Autumn 2009 Issue 58 special edition
Conservation: Principles, Dilemmas, and Uncomfortable Truths - a summary
Conservation: Principles, Dilemmas, and Uncomfortable Truths, brings together critical thinking from a variety of areas of practice.1 It embraces the diverse aspects within and outside conservation in order to provoke the cross-fertilisation of ideas from one sphere to another. Its contributors, who come from the fields of philosophy, sociology, history, art and design history, museology, conservation practice and theory, architecture, and planning and public policy, address a wide range of conservation theories, ethics and principles in ways that encourage the reader to compare and contrast across specialist areas. But while their contributions offer many opportunities for comparison, it is not a textbook, nor is it comprehensive. Instead, its chapters invoke and stand alongside the current body of knowledge, complement it, and aim to prompt further debate among conservation professionals, museum and heritage professionals, art and cultural historians, lecturers and students, and others invested in cultural heritage theories and practices.
Conservation is currently re-evaluating itself in relation to society and acknowledging both its role in assigning and perpetuating cultural value, and its need for greater dialogue outside of the profession. Conservation: Principles, Dilemmas, and Uncomfortable Truths captures thinking at a time when large fluctuations are happening within conservation theory, including the philosophical shift from scientific objective materials-based conservation to the recognition that conservation is a socially constructed activity with numerous public stakeholders. Its chapters offer snapshots of how conservation narratives and ethics are being reconsidered, reinterpreted, and reconfigured in this first decade of the twenty-first century through essays that evince how conservators and others concerned with the production and consumption of cultural heritage understand, internalise, and respond to the ways in which contemporary developments within and beyond the field of conservation are challenging traditional ethics and practice. Though the chapters are highly varied in their scope, focus, and methodology, they all expose the uncomfortable truth of the impossibility of singular and objective truths within cultural heritage care and management. By tracing the agencies and agendas that once drove, or drive today, the development of principles in conservation and its specialised disciplines (Jonathan Ashley-Smith; Nicholas Stanley-Price; Jukka Jokilehto), moments in history (Cathleen Hoeniger), countries and communities (Zuzana Bauerova; Catherine Smith and Marcelle Scott; Marion Kaminitz and Richard West), and new art media (Tina Fiske; Jill Sterrett; Glenn Wharton and Harvey Molotch); scrutinising conservation's aims and whether they can be reconciled with future developments (Chris Caple); unpacking the factors through which cultural value is ascribed at any given time (Helen Clifford; Isabelle Brajer; Miriam Clavir); identifying and interrogating the social constructs, processes, and needs with which conservation must engage (Simon Cane; Elizabeth Pye; Dinah Eastop; Erica Avrami); and critically analysing the very precepts of conservation ethics (Jonathan Kemp; Jonathan Rée; Salvador Muños Viñas), the authors wrestle with and offer ways of disentangling the ethical dilemmas confronting those who maintain and sustain cultural heritage for today and tomorrow.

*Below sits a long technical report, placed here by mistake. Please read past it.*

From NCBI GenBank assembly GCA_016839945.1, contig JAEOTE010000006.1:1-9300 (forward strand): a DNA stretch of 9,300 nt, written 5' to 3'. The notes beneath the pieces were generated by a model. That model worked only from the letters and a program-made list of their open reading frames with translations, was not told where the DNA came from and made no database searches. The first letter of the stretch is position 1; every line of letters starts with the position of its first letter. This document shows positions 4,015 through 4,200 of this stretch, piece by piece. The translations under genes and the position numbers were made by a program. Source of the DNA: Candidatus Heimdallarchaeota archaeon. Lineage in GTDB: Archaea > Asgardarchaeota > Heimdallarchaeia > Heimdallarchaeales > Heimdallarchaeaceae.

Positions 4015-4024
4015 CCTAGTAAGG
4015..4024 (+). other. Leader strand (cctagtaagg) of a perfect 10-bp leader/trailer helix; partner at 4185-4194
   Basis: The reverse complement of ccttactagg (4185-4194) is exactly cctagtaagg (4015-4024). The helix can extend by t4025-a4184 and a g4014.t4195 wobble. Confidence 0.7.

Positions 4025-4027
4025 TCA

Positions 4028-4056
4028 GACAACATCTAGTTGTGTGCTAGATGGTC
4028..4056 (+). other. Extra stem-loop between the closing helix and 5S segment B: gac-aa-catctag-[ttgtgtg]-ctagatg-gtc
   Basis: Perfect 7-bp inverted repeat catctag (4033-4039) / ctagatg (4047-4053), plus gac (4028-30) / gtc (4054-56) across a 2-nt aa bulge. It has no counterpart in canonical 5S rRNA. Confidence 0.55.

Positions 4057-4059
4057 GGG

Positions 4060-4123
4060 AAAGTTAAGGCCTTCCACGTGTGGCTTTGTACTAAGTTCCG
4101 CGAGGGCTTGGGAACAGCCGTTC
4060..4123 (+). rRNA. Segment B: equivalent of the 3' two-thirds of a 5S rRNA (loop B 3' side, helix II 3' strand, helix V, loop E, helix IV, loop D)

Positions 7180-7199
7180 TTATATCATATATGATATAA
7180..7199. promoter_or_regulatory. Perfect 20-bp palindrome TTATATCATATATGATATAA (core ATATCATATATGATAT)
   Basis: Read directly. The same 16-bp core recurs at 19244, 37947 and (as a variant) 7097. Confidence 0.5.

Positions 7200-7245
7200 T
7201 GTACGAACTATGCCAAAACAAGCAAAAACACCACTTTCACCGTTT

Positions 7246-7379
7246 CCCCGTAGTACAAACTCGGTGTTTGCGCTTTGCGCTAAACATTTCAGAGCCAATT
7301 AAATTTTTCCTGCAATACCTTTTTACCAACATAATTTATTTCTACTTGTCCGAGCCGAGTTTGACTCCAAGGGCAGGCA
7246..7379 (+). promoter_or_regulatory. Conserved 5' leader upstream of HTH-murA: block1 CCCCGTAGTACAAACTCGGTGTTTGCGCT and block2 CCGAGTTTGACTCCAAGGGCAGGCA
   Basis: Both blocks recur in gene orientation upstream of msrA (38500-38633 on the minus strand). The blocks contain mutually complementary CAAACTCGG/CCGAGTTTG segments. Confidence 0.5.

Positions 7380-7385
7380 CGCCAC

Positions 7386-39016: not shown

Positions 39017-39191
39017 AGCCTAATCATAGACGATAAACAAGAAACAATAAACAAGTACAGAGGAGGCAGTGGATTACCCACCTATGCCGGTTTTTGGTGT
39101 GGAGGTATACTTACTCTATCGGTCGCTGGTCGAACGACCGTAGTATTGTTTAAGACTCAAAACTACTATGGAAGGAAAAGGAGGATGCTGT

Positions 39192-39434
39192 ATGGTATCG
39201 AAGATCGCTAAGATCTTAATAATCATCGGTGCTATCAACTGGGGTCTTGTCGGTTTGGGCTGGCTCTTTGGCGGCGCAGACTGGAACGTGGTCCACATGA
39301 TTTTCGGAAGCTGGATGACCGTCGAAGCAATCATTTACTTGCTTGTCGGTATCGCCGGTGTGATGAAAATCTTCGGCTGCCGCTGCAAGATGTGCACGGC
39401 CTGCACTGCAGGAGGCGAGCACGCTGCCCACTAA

1. Richmond and Bracker, eds. Conservation: Principles, Dilemmas, and Uncomfortable Truths (Oxford, 2009)